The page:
English 10: Writing Portfolio

 

Catholic Memorial High School

 

2007-2008

   
   
   
   
   
Research  
   
Creative Writing  
   
   
   
   
   
   
   
   
   
   
   
   
   
   
   
   
   
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  The Movement of Language for over centuries has changed dramatically, but the word Movement is still
alive and breathing. The word Movement has a wide variety of cultures in its heritage, spreading
from Middle France, Latin, Portuguese, Italian, Spanish and Old Occitan/Catalan Language. The Fact
is that this word has been incorporated in many of these languages; it’s likely this word will be
around for a very long time into the future of the English Language. No one ever knows when a
language will die. But other Languages Such as Spanish and French have been around a lot longer and,
the Spanish language has 322-400 (Wikipedia) million people that use it as their native language,
French has just over 300 million (Wikipedia). English has roughly 388 million (Wikipedia) native
speakers. English will survive for many years to come, until one those unfortunate days late in the
future, when it will probably be replaced by binary code with the popular use of computers!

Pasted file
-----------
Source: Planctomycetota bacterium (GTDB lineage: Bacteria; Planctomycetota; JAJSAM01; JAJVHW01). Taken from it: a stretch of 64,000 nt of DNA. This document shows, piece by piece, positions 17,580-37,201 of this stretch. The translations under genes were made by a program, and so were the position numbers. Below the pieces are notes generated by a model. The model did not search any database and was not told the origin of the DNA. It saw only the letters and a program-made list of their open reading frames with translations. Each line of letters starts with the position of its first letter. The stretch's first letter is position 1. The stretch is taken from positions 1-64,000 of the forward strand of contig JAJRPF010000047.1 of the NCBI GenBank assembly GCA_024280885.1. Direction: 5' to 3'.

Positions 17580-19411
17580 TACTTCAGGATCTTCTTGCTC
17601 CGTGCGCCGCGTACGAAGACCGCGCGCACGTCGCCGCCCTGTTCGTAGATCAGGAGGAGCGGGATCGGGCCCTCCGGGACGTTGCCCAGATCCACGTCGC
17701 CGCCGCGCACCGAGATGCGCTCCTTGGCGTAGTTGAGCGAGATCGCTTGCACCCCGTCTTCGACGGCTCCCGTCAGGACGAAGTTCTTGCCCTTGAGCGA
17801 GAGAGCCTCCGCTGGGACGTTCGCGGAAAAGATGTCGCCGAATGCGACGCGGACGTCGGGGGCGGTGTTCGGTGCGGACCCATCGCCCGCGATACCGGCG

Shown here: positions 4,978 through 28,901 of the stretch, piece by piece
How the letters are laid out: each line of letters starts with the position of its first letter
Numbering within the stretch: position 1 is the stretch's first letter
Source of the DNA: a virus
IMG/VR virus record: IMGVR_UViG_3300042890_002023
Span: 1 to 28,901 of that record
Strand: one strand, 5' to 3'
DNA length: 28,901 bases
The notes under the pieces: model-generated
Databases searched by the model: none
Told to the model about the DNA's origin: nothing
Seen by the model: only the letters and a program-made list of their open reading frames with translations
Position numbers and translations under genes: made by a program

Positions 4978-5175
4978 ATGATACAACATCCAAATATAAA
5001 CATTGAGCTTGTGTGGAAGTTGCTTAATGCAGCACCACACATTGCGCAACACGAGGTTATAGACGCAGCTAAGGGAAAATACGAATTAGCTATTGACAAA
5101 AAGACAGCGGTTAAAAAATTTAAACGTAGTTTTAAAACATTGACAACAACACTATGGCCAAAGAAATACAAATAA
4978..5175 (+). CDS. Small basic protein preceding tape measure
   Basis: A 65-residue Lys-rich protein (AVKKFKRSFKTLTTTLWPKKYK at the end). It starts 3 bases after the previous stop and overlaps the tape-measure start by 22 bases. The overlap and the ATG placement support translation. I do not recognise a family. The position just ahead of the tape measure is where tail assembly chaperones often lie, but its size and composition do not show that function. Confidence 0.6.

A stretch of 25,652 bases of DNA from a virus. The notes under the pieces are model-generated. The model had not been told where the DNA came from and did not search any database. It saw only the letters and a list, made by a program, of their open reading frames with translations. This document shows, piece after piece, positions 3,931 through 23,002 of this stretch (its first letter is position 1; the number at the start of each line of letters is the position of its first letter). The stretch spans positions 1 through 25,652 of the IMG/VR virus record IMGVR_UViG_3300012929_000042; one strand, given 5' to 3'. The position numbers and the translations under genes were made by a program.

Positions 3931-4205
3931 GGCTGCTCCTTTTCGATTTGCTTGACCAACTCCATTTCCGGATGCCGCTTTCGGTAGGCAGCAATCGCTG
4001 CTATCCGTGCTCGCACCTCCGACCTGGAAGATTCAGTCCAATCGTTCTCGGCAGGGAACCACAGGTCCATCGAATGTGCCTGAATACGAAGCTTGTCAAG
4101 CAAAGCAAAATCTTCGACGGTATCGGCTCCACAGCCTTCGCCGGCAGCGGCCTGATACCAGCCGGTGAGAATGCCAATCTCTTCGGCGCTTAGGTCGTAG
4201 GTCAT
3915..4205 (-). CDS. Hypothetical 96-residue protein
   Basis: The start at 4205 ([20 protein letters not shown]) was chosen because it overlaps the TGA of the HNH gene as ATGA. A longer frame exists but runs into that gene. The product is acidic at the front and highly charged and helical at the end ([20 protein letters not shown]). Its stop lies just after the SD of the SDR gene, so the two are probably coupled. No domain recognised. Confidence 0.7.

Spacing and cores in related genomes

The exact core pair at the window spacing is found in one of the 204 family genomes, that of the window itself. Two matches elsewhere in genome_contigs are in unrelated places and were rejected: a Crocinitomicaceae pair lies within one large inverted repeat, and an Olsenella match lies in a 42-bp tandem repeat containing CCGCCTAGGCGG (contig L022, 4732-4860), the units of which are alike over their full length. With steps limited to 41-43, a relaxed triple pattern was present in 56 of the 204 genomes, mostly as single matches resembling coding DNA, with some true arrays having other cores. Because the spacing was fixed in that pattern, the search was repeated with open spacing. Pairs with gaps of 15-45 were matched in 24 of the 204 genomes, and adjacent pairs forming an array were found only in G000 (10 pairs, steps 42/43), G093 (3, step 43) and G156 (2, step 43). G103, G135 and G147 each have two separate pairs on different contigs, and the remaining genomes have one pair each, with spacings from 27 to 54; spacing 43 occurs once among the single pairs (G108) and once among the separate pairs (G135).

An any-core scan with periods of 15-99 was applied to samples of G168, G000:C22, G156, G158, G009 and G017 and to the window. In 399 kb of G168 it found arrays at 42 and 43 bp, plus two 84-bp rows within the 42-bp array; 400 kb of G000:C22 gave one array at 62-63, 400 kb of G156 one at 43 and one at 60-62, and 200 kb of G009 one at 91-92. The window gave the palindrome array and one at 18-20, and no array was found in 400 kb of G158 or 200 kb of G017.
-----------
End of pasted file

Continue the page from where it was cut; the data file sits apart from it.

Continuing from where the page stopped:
The Word Movement is very similar in all dictionaries, most conclude that it means “the act or
process of moving”, which was located in the Webster’s Dictionary or “the act or instance of moving,
a change in place or position” found in the American heritage dictionary. The Oxford English
Dictionary summarizes that movement means “the action or process of moving; change of position or
posture; passage from place to place, or from one situation to another. Also: an instance or kind of
this; a particular act or manner of moving”. With out the word movement we could not describe our
daily lives. With out this word the English language would not be complete
This specific word is 614 years old, dating back first ever used by an author named John Gower in
1393. Confessio Amantis, translated to "The Lover's Confession" is a 33,000-line
Middle English poem. According to its prologue, it was composed at the request of Richard II. It
stands with the works of Chaucer, Langland, and the Pearl poet as one of the great works of late
14th century English literature (Wikipedia).


The Word Movement is still used today in newspaper articles, TV shows, and books. In The New York
Times, the south sudan people stated “The southern Sudan People's Liberation Movement (SPLM)
withdrew its ministers and presidential advisers from Khartoum two weeks ago, saying the central
government had failed to carry out key parts of a north-south peace agreement, signed in 2005.” In
this context the definition of movement would refer to a push towards a plan, especially in
political thoughts. In the New York Times there was an article describing the new equipment that is
used to detect the decaying of bridges they stated “The transmitters were an outgrowth of a military
research program trying to monitor movement on battlefields. They cost about $10 each, and the
sensors another $10, said Mr. Janoyan, who is hoping to start a business providing electronic
monitoring.”